Lifehacker: The Fastest Way to Clear Your Recent Browsing History in Every Browser

Lifehacker: The Fastest Way to Clear Your Recent Browsing History in Every Browser. “Listen, we’re not here to judge or ask questions. You need to clear your recent browsing history—and fast. Lucky for you, we can help. Whether you use Chrome, Edge, Firefox, or Brave, there’s a keyboard shortcut to help you delete your most recent web history as fast as possible, should you need to do so for reasons that are none of our business.”

Mashable: The best apps for remembering that website you want to revisit

Mashable: The best apps for remembering that website you want to revisit. “Maybe you’re trying to remember that really funny video you saw online but can’t remember what the heck it was called. You can’t find it online. Your browser history doesn’t go that far back, and it’s not pulling anything up. Or maybe you’re just a bit of a digital hoarder, like me. Either way, not being able to find what you’re looking for is, well, annoying. I’m here to solve this problem. Here are a few of my favorite apps that will help you create your very own web history archive so you never forget about another website you once visited again.”

PC Magazine: Avast to ‘Archive’ Users’ Collected Browser Histories, Not Immediately Delete Them

PC Magazine: Avast to ‘Archive’ Users’ Collected Browser Histories, Not Immediately Delete Them. “The antivirus vendor plans on ‘securely archiving’ the collected browser histories that an Avast subsidiary, Jumpshot, was selling to third-party firms. Avast hasn’t elaborated on the decision, but it may have to do with the company trying to comply with privacy laws in Europe and California.”

My browser, the spy: How extensions slurped up browsing histories from 4M users (Ars Technica)

Ars Technica: My browser, the spy: How extensions slurped up browsing histories from 4M users. “When we use browsers to make medical appointments, share tax returns with accountants, or access corporate intranets, we usually trust that the pages we access will remain private. DataSpii, a newly documented privacy issue in which millions of people’s browsing histories have been collected and exposed, shows just how much about us is revealed when that assumption is turned on its head.”

BetaNews: Facebook to launch its Clear History tool later this year — to the joy of privacy advocates and the pain of advertisers

BetaNews: Facebook to launch its Clear History tool later this year — to the joy of privacy advocates and the pain of advertisers. “Facebook is no stranger to privacy-related controversy, and to try to counter some of this the social network announced in the middle of last year that it planned to give users a ‘clear history’ feature. Although first talked about in May, no progress has been visible on this front, but Facebook’s CFO, David Wehner, has now said that the feature will be launching later this year.” I’ll believe it when I see it.

KnowTechie: Microsoft’s new Timeline Chrome extension will sync your browsing history across Windows 10 devices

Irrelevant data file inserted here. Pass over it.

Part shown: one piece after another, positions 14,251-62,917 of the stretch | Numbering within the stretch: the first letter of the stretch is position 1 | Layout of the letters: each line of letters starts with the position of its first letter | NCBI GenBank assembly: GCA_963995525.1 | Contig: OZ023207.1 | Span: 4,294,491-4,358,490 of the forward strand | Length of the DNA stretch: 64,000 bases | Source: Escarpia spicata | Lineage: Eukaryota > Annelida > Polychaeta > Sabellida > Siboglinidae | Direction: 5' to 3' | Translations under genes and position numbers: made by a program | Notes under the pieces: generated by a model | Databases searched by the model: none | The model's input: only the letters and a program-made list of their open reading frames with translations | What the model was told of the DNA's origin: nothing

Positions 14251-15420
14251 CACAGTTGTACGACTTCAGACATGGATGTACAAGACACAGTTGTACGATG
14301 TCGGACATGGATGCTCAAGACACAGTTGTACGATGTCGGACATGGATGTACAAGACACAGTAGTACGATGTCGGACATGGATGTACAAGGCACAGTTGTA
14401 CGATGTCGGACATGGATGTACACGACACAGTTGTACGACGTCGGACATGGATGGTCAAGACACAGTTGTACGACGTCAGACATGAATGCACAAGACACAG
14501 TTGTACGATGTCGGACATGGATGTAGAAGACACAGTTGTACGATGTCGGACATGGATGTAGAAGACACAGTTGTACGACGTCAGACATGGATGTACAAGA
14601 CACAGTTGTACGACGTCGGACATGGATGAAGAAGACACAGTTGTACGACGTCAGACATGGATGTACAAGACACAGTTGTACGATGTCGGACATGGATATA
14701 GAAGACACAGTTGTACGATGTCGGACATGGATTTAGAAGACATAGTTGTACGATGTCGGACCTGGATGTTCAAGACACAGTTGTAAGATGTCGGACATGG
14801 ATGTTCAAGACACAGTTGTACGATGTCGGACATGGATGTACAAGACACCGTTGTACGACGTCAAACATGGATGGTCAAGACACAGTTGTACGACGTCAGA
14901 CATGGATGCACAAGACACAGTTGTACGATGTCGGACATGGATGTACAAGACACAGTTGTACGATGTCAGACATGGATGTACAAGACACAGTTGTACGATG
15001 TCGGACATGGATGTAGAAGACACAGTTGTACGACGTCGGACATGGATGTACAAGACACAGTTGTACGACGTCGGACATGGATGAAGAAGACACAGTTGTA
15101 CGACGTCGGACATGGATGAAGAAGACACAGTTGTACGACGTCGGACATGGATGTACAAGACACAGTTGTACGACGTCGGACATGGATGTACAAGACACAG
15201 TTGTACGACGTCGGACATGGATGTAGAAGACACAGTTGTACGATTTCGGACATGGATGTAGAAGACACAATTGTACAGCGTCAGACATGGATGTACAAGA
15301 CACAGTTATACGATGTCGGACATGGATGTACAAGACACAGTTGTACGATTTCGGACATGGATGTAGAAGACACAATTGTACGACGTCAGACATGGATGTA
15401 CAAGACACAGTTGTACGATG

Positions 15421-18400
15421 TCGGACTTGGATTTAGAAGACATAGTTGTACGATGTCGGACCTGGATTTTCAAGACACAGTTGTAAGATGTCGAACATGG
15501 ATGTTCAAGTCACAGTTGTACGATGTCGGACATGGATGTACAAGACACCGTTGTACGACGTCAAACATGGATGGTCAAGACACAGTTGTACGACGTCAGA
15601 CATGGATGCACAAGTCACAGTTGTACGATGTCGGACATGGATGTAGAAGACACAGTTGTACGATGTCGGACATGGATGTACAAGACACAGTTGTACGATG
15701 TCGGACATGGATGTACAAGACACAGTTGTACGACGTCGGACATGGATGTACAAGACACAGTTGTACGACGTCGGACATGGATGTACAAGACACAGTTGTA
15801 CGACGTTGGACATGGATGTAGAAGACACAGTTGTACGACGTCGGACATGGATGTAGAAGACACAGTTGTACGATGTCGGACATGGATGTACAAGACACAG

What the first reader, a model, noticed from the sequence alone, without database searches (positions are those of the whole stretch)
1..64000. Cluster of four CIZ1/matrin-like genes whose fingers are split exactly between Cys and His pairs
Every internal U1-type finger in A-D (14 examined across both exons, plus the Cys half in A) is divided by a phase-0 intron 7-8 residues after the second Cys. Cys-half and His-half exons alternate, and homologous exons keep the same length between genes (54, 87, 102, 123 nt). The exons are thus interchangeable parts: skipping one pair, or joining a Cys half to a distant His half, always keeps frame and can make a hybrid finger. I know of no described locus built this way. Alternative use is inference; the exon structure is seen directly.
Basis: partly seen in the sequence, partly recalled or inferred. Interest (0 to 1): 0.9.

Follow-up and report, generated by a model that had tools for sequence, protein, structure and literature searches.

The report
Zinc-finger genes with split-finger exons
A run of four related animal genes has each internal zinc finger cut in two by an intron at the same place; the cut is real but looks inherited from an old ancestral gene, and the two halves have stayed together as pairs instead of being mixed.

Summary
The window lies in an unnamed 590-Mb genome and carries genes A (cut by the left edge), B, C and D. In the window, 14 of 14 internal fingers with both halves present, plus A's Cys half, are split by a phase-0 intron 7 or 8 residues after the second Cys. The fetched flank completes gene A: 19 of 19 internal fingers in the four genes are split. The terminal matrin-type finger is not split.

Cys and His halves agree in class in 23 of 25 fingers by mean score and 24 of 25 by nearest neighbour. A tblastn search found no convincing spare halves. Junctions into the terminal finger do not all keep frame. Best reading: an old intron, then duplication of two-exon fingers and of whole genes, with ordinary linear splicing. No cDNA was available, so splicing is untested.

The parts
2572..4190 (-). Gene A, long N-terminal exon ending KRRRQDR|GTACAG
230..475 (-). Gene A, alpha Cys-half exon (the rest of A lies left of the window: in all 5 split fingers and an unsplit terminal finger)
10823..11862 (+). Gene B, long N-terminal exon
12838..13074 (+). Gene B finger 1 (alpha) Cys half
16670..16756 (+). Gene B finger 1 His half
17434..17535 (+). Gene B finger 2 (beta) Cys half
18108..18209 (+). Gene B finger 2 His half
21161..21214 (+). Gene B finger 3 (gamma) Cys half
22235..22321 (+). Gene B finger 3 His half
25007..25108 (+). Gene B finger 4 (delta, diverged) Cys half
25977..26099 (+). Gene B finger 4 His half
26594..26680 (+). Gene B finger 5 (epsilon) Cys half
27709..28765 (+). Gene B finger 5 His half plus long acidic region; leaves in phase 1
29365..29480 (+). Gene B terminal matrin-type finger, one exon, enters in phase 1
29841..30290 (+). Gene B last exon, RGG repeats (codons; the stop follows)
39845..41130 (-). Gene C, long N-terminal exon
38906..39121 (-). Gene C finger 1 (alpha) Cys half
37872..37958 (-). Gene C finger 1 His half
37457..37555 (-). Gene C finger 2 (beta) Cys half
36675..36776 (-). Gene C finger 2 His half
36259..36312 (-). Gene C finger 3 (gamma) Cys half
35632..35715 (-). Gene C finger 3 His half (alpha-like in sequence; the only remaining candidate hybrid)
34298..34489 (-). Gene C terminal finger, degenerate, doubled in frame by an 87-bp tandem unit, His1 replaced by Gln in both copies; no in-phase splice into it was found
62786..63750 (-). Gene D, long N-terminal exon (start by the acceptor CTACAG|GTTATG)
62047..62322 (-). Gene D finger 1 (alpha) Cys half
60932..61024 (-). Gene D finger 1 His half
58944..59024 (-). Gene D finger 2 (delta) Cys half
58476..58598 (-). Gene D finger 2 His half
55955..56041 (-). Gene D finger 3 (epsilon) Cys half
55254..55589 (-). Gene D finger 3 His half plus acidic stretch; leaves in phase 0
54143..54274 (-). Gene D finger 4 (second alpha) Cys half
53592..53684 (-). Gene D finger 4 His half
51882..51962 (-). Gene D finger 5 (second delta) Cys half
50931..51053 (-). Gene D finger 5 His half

KnowTechie: Microsoft’s new Timeline Chrome extension will sync your browsing history across Windows 10 devices . “One of the most useful features that Microsoft added to 2018’s Spring Update for Windows 10 was the Timeline function. Having the ability to see your browsing history across Windows 10, iOS, and Android devices is nifty, provided you use Microsoft’s Edge browser on desktop and mobile. Now, you don’t have to give up your Google Chrome addiction to use the Timeline feature, thanks to an official Chrome extension from Microsoft.”

Research: 4 new ways browser history can be exposed (Slashgear)

Slashgear: Research: 4 new ways browser history can be exposed. “A recent study by the University of California, San Diego, showed four new ways to expose Internet users’ browsing histories. They also showed the ways in which these histories could and can be used to target internet users with various attacks. Most of these attacks take aim psychologically, targeting the trust users have in details to which they believe only their closest friends and family have access.”

Popular Science: Why and how to erase your browsing history

Popular Science: Why and how to erase your browsing history. “Web browsers keep track of your past activity for a reason. That history comes in handy if you want to find a funny article again, or return to your favorite photo of the kids, or if restore a tab that you accidentally closed. At the same time, some people find this constant tracking a little on the creepy side. Not to mention that, if you share a computer with others, you might not want them finding out about a gift you secretly bought them, your interest in 1970s folk rock, or your more private Google searches.” I love disco and I am unashamed.

Ars Technica: After vote to kill privacy rules, users try to “pollute” their Web history

Ars Technica: After vote to kill privacy rules, users try to “pollute” their Web history. “While the US government is giving ISPs free rein to track their customers’ Internet usage for purposes of serving personalized advertisements, some Internet users are determined to fill their browsing history with junk so ISPs can’t discover their real browsing habits. Scripts and browser extensions might be able to fill your Web history with random searches and site visits. But will this actually fool an ISP that scans your Web traffic and shares it with advertising networks?”